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"I'm Only Sleeping" was written by Lennon. Author Barry Miles describes the song as "Half acid dream, half latent Lennon laziness personified."[67] As with "Rain", the basic track was recorded at a faster tempo before being subjected to varispeeding.[68] The latter treatment, along with ADT, was also applied to Lennon's vocal as he sought to replicate, in MacDonald's description, a "papery old man's voice".[66] Harrison composed and recorded his backwards (or backmasked) guitar solo with particular attention to how the notes would sound when the tape direction was corrected.[69][d] Beatles biographer Jonathan Gould views the solo as appearing to "suspend the laws of time and motion to simulate the half-coherence of the state between wakefulness and sleep".[70] Musicologist Walter Everett admires the recording's "unusual timbres", describing the song as a "particularly expressive text painting".[71]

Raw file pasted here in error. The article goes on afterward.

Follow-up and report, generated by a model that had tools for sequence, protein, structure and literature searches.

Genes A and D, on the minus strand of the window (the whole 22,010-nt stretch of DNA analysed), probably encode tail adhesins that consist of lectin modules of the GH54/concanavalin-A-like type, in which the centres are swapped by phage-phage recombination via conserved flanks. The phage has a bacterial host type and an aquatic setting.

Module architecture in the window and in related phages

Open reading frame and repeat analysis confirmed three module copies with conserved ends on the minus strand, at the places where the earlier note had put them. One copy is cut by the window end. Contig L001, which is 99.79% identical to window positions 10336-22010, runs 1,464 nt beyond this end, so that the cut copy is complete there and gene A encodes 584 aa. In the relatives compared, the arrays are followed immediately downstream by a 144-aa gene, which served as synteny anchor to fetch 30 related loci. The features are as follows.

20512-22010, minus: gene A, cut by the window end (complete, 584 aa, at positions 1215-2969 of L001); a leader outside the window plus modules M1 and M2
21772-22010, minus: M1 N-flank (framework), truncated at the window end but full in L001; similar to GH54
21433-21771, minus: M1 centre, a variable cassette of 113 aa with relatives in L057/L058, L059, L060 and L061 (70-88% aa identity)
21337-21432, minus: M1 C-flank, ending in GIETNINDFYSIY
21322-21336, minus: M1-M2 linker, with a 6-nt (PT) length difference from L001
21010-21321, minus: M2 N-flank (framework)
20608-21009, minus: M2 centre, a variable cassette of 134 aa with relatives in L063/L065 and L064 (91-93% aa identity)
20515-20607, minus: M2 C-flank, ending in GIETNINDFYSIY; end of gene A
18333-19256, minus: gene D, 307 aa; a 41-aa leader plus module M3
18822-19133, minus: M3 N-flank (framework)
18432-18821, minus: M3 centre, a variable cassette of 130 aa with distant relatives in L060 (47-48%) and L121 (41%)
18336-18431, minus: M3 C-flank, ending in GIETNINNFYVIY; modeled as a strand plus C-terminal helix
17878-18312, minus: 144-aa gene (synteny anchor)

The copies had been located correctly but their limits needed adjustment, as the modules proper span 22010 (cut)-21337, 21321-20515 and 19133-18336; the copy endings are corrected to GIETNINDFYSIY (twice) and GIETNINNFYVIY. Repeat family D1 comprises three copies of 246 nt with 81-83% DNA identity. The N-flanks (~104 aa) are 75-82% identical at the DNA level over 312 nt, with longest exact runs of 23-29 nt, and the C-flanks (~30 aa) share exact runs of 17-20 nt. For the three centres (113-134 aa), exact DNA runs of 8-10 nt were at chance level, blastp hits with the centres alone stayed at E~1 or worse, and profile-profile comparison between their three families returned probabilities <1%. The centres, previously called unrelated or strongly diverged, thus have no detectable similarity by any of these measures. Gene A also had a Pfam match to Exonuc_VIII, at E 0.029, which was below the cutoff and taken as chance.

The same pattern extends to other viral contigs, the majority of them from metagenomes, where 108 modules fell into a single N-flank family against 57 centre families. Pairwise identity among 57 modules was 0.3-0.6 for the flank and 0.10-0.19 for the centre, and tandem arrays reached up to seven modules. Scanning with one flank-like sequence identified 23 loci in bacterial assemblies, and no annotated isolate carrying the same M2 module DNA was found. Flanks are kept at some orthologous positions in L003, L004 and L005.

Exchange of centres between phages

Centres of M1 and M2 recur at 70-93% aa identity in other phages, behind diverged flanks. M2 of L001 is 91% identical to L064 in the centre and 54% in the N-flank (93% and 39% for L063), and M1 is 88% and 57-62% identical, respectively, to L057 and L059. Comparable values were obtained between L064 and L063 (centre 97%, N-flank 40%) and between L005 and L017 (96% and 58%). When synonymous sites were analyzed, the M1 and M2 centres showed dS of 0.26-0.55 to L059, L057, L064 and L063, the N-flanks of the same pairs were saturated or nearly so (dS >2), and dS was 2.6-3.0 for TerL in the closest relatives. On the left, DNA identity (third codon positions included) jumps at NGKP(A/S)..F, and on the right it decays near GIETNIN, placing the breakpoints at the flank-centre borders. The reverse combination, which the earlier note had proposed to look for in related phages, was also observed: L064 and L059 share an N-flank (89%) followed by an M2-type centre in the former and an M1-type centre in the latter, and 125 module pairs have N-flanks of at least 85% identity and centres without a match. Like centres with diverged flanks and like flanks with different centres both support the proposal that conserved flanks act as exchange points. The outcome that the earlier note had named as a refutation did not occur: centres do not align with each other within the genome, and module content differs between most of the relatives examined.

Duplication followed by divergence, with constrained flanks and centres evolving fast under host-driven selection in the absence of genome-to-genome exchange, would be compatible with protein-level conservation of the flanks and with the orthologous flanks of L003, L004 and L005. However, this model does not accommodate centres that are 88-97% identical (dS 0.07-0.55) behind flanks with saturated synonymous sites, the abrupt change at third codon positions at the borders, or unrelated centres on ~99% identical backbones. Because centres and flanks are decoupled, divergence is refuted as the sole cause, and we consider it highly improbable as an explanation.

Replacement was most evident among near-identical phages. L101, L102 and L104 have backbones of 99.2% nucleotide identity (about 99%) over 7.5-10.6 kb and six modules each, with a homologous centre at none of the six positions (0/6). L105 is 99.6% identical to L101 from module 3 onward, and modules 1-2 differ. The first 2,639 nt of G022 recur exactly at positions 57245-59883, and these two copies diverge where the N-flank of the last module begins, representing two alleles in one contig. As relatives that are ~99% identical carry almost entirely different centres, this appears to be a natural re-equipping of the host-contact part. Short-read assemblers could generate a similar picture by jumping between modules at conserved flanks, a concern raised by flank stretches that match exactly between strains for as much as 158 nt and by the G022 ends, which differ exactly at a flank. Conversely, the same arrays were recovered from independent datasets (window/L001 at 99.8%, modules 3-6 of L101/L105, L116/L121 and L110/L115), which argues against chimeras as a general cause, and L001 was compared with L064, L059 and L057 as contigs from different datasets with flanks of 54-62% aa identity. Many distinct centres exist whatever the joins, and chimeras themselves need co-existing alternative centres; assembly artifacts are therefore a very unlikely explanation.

"Love You To" marked Harrison's first foray into Hindustani classical music as a composer, following his introduction of the Indian sitar on Lennon's "Norwegian Wood" in 1965.[72] Harrison recorded "Love You To" with musicians from the north London-based Asian Music Circle, who provided instrumentation such as tabla, swarmandal and tambura.[73] While the identity of the sitarist on the track has been the subject of debate among commentators,[74] Peter Lavezzoli, author of The Dawn of Indian Music in the West, is among those who credit the part to Harrison. Lavezzoli describes Harrison's playing as "the most accomplished performance on sitar by any rock musician" and he recognises the song as "the first conscious attempt in pop to emulate a non-Western form of music in structure and instrumentation".[75] Harrison's other contributions include fuzztone-effected electric guitar.[73] Everett identifies the track's change of metre as being without precedent in the Beatles' catalogue thus far and a characteristic that would go on to feature prominently on the band's subsequent album, Sgt. Pepper's Lonely Hearts Club Band.[76] Partly influenced by Harrison's experimentation with LSD,[77][78] the lyrics to "Love You To" address the singer's desire for "immediate sexual gratification", Womack writes, and serve as a "rallying call to accept our inner hedonism and release our worldly inhibitions".[79]